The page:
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In his essay 'The Myth of Sisyphus', Albert Camus considers suicide, the "one truly serious philosophical problem", and asks, "is there a logic to the point of death?" Then he gives us this paragraph:

When Karl Jaspers, revealing the impossibility of constituting the world as a unity, exclaims: “This limitation leads me to myself, where I can no longer withdraw behind an objective point of view that I am merely representing, where neither I myself nor the existence of others can any longer become an object for me,” he is evoking after many others those waterless deserts where thought reaches its confines. After many others, yes indeed, but how eager they were to get out of them! At that last crossroad where thought hesitates, many men have arrived and even some of the humblest. They then abdicated what was most precious to them, their life. Others, princes of the mind, abdicated likewise, but they initiated the suicide of their thought in its purest revolt. The real effort is to stay there, rather, in so far as that is possible, and to examine closely the odd vegetation of those distant regions. Tenacity and acumen are privileged spectators of this inhuman show in which absurdity, hope, and death carry on their dialogue. The mind can then analyze the figures of that elementary yet subtle dance before illustrating them and reliving them itself.

(English translation by Justin O'Brien, 1955.) What did Camus mean by the sentences in bold?

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  • Damn, so much formality.
    – Patrick S
    Commented Jul 15, 2022 at 16:59
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    Please, help us help you. Context around the quote, and knowing what specifically you don't understand, is essential for an answer to address your problem.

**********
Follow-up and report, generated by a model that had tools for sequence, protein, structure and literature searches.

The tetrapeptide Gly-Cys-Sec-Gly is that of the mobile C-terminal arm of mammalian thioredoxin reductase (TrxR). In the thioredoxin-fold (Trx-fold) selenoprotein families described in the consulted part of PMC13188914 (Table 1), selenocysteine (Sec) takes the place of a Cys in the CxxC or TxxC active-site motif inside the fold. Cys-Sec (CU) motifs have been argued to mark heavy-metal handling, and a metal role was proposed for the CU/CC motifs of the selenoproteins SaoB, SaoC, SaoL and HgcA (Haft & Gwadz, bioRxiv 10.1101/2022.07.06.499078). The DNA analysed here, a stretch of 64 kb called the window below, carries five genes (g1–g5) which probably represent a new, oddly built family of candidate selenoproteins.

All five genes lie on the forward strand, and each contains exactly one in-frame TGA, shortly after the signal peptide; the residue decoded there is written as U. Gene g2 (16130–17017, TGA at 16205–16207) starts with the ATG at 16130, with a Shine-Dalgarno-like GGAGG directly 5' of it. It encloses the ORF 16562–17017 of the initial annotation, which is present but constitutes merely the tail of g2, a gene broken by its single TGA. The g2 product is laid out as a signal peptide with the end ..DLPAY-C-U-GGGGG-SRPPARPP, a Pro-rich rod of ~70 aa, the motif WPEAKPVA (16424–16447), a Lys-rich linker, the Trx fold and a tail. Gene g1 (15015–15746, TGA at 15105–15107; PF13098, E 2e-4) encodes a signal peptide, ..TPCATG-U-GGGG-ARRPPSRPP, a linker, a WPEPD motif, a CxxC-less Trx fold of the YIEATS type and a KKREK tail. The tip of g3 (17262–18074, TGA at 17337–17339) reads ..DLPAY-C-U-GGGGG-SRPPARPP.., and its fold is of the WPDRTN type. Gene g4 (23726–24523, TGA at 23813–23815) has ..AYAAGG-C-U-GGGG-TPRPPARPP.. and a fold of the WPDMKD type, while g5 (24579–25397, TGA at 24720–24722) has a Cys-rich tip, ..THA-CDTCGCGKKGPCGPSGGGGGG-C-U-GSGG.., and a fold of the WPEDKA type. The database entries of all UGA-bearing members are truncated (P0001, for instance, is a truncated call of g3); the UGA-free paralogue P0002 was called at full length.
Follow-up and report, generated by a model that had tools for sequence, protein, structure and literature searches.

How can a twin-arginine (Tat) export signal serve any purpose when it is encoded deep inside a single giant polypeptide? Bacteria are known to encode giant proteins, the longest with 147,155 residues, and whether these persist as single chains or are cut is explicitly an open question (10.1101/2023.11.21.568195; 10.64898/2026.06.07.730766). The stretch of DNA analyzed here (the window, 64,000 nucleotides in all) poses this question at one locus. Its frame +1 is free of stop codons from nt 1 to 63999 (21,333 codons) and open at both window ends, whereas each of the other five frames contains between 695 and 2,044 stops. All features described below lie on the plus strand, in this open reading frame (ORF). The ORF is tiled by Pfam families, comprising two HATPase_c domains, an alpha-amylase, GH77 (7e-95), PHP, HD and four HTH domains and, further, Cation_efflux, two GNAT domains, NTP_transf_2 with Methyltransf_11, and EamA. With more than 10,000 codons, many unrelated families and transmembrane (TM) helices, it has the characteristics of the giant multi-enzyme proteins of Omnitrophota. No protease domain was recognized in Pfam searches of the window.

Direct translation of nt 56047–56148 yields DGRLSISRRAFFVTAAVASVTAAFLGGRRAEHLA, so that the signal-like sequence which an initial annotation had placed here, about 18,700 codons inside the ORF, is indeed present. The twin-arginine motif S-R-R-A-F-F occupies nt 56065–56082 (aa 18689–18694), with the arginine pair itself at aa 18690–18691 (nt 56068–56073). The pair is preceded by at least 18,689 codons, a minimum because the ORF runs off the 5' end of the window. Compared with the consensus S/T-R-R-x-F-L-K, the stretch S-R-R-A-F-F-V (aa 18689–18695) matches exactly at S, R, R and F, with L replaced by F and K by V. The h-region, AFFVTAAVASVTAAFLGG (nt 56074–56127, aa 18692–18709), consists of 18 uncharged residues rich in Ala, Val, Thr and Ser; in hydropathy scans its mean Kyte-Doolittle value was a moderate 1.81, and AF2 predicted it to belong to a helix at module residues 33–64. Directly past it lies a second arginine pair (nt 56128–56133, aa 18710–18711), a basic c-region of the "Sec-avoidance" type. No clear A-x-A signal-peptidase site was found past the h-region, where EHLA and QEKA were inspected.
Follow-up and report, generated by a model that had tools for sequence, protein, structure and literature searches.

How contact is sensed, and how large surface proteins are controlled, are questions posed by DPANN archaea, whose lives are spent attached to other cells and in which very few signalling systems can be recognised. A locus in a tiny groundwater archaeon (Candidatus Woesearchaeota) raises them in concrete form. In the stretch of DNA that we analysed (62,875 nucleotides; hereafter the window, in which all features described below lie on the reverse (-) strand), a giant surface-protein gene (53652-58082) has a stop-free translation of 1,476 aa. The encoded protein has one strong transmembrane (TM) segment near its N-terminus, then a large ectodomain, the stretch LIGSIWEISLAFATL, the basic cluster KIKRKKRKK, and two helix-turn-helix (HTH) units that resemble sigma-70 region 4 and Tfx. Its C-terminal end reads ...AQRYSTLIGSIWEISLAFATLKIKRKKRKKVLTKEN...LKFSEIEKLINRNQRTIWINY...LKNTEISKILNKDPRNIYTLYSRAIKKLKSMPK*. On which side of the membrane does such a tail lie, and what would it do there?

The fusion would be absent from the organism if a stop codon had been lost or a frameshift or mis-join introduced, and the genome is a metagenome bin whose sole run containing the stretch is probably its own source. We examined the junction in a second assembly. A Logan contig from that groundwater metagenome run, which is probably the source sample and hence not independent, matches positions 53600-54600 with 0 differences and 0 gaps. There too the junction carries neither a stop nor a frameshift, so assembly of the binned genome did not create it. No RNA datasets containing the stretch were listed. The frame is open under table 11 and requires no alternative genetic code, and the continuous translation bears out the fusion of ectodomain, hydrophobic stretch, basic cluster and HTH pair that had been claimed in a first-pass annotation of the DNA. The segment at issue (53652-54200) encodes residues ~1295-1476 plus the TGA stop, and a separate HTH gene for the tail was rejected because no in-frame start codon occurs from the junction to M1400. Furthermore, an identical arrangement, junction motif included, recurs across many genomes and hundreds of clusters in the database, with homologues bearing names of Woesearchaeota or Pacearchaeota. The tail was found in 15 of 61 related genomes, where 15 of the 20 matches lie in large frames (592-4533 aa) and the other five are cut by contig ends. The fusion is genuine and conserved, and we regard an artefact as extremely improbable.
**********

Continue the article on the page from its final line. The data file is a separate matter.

– bobble
    Commented Jul 15, 2022 at 23:16

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It's a metaphor for philosophical space. In many languages, including French and English, a new area (itself a metaphor) of study or thought of conceived of in spatial or physical terms. You see this in all sorts of mental activities. A new relationship might lead you to "places you've never been before," while a psychotropic experience might let you explore "the outer reaches of the mind." When you are working step-by-step on a problem, you "arrive at" or "come to" a conclusion.

Camus is taking this arrival one step further. What do you do once you arrive? You explore it in depth, and that means examining its "vegetation." You can only do that if you "dwell" there and really examine its implications.

The key to understanding this is in the rest of the passage you quoted. The real part that needed to be bold was the first sentence:

When Karl Jaspers, revealing the impossibility of constituting the world as a unity, exclaims: “This limitation leads me to myself, where I can no longer withdraw behind an objective point of view that I am merely representing, where neither I myself nor the existence of others can any longer become an object for me,” he is evoking after many others those waterless deserts where thought reaches its confines.

Camus thus makes it clear that he's employing landscape imagery to describe Jaspers' philosophical conclusion.

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